Transforming Agriculture, Perennially
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lee-dehaan

Lee DeHaan

Lead Scientist, Intermediate Wheatgrass Program

A native of southern Minnesota, Lee currently lives near Salina. He obtained a Bachelor of Arts degree from Dordt College in Sioux Center, Iowa, with majors in Biology and Plant Science. Lee was awarded a Master of Science and a PhD in the areas of Agronomy and Applied Plant Science from the University of Minnesota. Lee provides leadership for the effort to develop intermediate wheatgrass into a perennial grain crop, which is marketed as Kernza®. The program now has collaborators working at institutions around the United States, as well as in Canada and Europe.

Q&A

What drew you to work at The Land Institute?
Developing a successful new perennial grain crop is one of my life goals. When I was looking for a place to begin this work, The Land Institute was the only place to be able to dedicate full-time effort to perennial grain breeding. It has been an honor to be able to collaborate within the intellectual home for perennial grain research with colleagues that are not only smart and creative, but also share the passion for the work. The people here at The Land bring joy to each day.

What has been your proudest moment at The Land Institute?
I love to see plants we have developed growing in farmers’ fields and producing food that people eat. When you select plants to mate generation after generation, you begin to feel that these families of plants are in some strange way your adopted children. It is really exciting to see them out in the world on their own living healthy and productive lives!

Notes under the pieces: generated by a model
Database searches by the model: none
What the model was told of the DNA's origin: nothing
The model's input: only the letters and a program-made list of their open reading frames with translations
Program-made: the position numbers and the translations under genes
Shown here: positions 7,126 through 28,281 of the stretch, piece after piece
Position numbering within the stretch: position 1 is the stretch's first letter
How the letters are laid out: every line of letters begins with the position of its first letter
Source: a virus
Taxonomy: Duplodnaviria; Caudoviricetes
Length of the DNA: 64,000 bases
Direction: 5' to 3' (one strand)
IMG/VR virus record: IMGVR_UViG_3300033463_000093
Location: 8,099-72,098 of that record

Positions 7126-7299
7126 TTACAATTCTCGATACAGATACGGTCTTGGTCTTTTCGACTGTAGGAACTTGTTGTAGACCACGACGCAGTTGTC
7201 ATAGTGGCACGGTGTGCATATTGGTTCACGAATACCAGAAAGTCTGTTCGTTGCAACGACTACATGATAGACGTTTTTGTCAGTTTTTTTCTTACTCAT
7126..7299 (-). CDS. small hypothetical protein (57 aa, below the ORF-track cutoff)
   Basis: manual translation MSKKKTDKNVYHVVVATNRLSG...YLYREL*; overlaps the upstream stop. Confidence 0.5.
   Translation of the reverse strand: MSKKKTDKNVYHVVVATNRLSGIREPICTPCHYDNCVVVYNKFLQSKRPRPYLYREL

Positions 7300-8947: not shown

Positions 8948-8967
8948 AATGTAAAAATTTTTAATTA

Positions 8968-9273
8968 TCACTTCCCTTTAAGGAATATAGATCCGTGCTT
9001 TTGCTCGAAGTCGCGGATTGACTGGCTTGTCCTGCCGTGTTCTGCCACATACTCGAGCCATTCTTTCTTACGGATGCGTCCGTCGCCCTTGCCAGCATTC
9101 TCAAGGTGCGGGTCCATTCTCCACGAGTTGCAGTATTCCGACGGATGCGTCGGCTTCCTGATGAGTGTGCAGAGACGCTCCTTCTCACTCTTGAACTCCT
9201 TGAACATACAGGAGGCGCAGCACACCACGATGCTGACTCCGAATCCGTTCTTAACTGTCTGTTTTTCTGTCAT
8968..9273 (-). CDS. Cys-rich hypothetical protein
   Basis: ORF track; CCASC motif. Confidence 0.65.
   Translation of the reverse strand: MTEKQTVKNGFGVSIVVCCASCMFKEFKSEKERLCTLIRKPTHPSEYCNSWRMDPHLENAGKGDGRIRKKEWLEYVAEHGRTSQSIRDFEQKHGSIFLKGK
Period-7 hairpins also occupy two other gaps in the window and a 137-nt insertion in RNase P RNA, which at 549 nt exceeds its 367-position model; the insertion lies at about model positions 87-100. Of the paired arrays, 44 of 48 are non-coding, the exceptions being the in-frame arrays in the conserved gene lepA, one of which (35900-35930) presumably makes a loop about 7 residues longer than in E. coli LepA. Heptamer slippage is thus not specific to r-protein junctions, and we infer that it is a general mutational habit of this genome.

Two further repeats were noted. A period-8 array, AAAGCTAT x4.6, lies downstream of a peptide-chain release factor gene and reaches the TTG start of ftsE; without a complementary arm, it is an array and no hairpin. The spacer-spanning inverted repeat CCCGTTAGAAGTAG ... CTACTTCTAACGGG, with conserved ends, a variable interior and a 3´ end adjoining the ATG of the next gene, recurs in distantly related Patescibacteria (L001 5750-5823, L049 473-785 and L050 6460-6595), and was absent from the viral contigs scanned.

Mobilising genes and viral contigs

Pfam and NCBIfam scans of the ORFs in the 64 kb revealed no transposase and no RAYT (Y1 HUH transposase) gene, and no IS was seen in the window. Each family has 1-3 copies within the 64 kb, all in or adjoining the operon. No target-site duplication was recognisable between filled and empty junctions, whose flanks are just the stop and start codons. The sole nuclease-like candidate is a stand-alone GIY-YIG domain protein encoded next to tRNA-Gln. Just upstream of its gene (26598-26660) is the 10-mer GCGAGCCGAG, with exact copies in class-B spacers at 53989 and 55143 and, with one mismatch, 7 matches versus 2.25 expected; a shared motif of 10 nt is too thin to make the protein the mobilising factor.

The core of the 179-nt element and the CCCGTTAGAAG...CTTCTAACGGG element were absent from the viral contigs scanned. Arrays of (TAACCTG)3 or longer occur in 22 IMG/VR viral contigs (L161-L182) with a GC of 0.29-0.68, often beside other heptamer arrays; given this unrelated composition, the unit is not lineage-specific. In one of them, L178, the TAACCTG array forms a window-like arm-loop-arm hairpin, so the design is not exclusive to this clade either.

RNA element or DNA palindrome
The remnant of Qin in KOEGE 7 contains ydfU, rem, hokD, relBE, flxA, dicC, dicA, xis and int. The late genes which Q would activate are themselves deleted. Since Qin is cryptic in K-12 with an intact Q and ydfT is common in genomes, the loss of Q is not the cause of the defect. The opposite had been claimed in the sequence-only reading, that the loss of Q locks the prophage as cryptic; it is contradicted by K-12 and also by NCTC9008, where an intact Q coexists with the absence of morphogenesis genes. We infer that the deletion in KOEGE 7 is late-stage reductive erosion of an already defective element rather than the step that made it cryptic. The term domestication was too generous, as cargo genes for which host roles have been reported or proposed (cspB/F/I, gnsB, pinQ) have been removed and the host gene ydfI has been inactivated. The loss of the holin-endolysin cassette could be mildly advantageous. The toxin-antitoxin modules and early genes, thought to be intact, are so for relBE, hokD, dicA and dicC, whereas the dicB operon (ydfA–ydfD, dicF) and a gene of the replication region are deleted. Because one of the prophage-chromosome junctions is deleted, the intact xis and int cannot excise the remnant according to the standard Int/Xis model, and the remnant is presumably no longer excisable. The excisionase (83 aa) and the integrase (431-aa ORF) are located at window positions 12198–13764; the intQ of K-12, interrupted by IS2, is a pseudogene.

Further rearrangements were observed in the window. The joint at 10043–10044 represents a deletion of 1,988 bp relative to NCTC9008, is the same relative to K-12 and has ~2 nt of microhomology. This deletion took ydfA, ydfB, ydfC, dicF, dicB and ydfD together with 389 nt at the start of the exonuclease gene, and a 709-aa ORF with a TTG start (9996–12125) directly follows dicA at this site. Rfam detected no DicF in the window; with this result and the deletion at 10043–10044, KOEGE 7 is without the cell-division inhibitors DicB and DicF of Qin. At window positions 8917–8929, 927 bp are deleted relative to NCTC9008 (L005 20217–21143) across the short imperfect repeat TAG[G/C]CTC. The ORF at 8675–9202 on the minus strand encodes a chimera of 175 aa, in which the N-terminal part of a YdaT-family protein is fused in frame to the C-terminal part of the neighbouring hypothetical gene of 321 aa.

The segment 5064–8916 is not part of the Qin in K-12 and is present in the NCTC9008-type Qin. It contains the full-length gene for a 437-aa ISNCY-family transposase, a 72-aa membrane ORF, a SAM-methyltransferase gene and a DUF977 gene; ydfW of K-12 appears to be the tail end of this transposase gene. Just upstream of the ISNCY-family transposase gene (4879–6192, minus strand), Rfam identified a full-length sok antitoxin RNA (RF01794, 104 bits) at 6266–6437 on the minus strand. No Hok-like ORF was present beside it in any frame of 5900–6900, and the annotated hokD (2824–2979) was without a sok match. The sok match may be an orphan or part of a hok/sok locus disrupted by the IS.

What would people never guess that you do as part of your role?
We are always working to come up with creative solutions to the challenges resulting from attempting to grow and collect data from thousands of plants per year. One technique we came up with was to use clothing dye to color 25,000 food skewers blue. We then stuck them in the soil with transplants so that a robotic mapping device could identify the location of each plant.

What Land Institute perennial crop do you look forward to eating most, and how would you prepare it?
I’m looking forward to deep frying some Kernza® doughnuts in a big pot of silphium oil.

Authored or Co-authored Scientific Publications

Agricultural and Biofuel Implications of a Species Diversity Experiment with Native Perennial Grassland Plants
Genome Evolution of Intermediate Wheatgrass
Harvested Perennial Grasslands Provide Ecological Benchmarks for Agricultural Sustainability
Illinois Bundleflower Genetic Diversity Determined by AFLP Analysis
Increased Food and Ecosystem Security via Perennial Grains
Insights from Evolutionary Biology
Missing Domesticated Plant Forms: Can Artificial Selection Fill the Gap?
New Roots for Ecological Intensification
Perennial Cereal Crops: An Initial Evaluation of Wheat Derivatives
Perennial Food Security
Pipeline for Grain Domestication
Progress in Breeding Perennial Grains
Prospects for Developing Perennial Grains
Reflective Plant Breeding Paradigm
The Strong Perennial Vision: A Response
Wild Plants to the Rescue

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